Using artificial intelligence, a number of European evolutionary biologists now believe that humans have an ancient ancestor whose identity is unknown to modern science. The ancestor, based out of Asia, would have been a hybrid of Neanderthals and Denisovans, a subspecies of archaic humans.
The Denisovans are less well-known than the famous Neanderthals, but the two were separate groups who from their common ancestor around 744,000 years ago. While Neanderthals settled in Europe and parts of western Asia, Denisovan remains in central Asia and Siberia—their name comes from the Denisova Cave in the Siberian Altai Mountains, where a Denisovan bone in 2008.
The groups were genetically independent from each other. They also likely both cross-bred with modern humans. But when researching the demographics of species nearly 800,000 years ago, scientists have struggled with their complexity. That's where A.I. comes in.
Scientists trained an algorithm "to learn to predict human demographics using genomes obtained through hundreds of thousands of simulations," says Òscar Lao, principal investigator at the and an expert in this type of simulation, in a . "Whenever we run a simulation we are traveling along a possible path in the history of humankind. Of all simulations, deep learning allows us to observe what makes the ancestral puzzle fit together.”
These simulations point toward a Neanderthal–Denisovan ancestor. While it seems like a large assumption for an algorithm to make, evidence is growing in its favor. Last August, fossils were announced that showed for the first time between the two species—a female who lived 90,000 years ago with a Denisovan father and a Neanderthal mother.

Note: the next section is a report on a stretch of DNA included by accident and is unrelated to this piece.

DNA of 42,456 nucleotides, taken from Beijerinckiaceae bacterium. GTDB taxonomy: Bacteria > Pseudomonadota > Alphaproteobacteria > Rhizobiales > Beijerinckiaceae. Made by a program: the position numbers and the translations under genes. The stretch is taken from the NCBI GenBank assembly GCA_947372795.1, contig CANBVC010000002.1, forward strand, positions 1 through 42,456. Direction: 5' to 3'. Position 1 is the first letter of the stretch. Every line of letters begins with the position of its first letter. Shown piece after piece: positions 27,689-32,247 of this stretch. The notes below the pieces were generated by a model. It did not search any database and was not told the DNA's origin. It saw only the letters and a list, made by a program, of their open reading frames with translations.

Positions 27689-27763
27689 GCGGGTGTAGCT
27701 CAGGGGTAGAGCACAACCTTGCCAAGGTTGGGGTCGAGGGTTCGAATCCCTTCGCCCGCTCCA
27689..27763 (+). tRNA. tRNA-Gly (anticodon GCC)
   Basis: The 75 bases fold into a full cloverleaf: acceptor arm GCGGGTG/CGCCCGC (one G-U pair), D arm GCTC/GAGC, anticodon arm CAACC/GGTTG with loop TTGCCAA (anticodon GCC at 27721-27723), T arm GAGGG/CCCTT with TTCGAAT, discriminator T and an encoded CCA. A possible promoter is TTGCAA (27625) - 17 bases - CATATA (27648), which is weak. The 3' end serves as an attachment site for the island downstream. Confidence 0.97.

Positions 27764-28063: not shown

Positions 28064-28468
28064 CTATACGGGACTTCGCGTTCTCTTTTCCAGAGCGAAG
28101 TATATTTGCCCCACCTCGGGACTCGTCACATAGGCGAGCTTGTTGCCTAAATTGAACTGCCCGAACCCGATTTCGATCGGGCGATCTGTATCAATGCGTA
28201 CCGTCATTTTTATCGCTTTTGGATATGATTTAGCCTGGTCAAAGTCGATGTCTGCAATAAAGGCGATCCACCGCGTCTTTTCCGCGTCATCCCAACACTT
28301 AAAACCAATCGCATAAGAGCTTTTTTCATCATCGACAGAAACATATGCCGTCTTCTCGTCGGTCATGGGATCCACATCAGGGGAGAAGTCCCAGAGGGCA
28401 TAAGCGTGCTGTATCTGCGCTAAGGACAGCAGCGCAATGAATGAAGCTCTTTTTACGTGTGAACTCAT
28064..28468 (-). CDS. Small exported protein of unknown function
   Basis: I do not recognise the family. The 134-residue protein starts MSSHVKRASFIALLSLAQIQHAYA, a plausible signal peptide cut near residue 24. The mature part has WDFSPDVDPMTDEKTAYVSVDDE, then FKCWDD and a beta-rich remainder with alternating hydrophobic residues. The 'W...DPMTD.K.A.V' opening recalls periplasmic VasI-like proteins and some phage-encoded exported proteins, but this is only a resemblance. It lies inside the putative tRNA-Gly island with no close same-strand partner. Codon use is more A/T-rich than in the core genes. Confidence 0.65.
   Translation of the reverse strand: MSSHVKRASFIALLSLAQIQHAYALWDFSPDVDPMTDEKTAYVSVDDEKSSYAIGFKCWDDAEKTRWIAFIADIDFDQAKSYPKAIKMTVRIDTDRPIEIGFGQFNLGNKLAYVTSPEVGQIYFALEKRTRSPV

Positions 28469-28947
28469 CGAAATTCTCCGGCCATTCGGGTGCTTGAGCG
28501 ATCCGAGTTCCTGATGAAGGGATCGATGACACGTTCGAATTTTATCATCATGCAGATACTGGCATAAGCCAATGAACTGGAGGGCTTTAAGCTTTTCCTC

Scientists generally agree that Denisovans and Neanderthals likely would have mated when the opportunity presented itself. The only problem is that there appear to be far fewer Denisovans—“the number of pure Denisovan bones that have been found I can count on one hand,” said Kelley Harris, a population geneticist at the University of Washington in Seattle who worked on the discovery of the genetic hybrid, . The Altai Mountains, the main site of any possible overlap between the populations, were likely thinly populated.
“Our theory coincides with the hybrid specimen discovered recently in Denisova, although as yet we cannot rule out other possibilities”, says Mayukh Mondal, an investigator at the University of Tartu involved with the A.I. study.
If more hybrids come forward, the algorithm's predictions would seem more plausible by the day. There's no guaranteeing its accuracy—human evolution was a messy, complicated business. But still, even the possibility of a new species is a gauntlet thrown down to archaeologists and scientists who can help further unlock the secrets of humanity's past.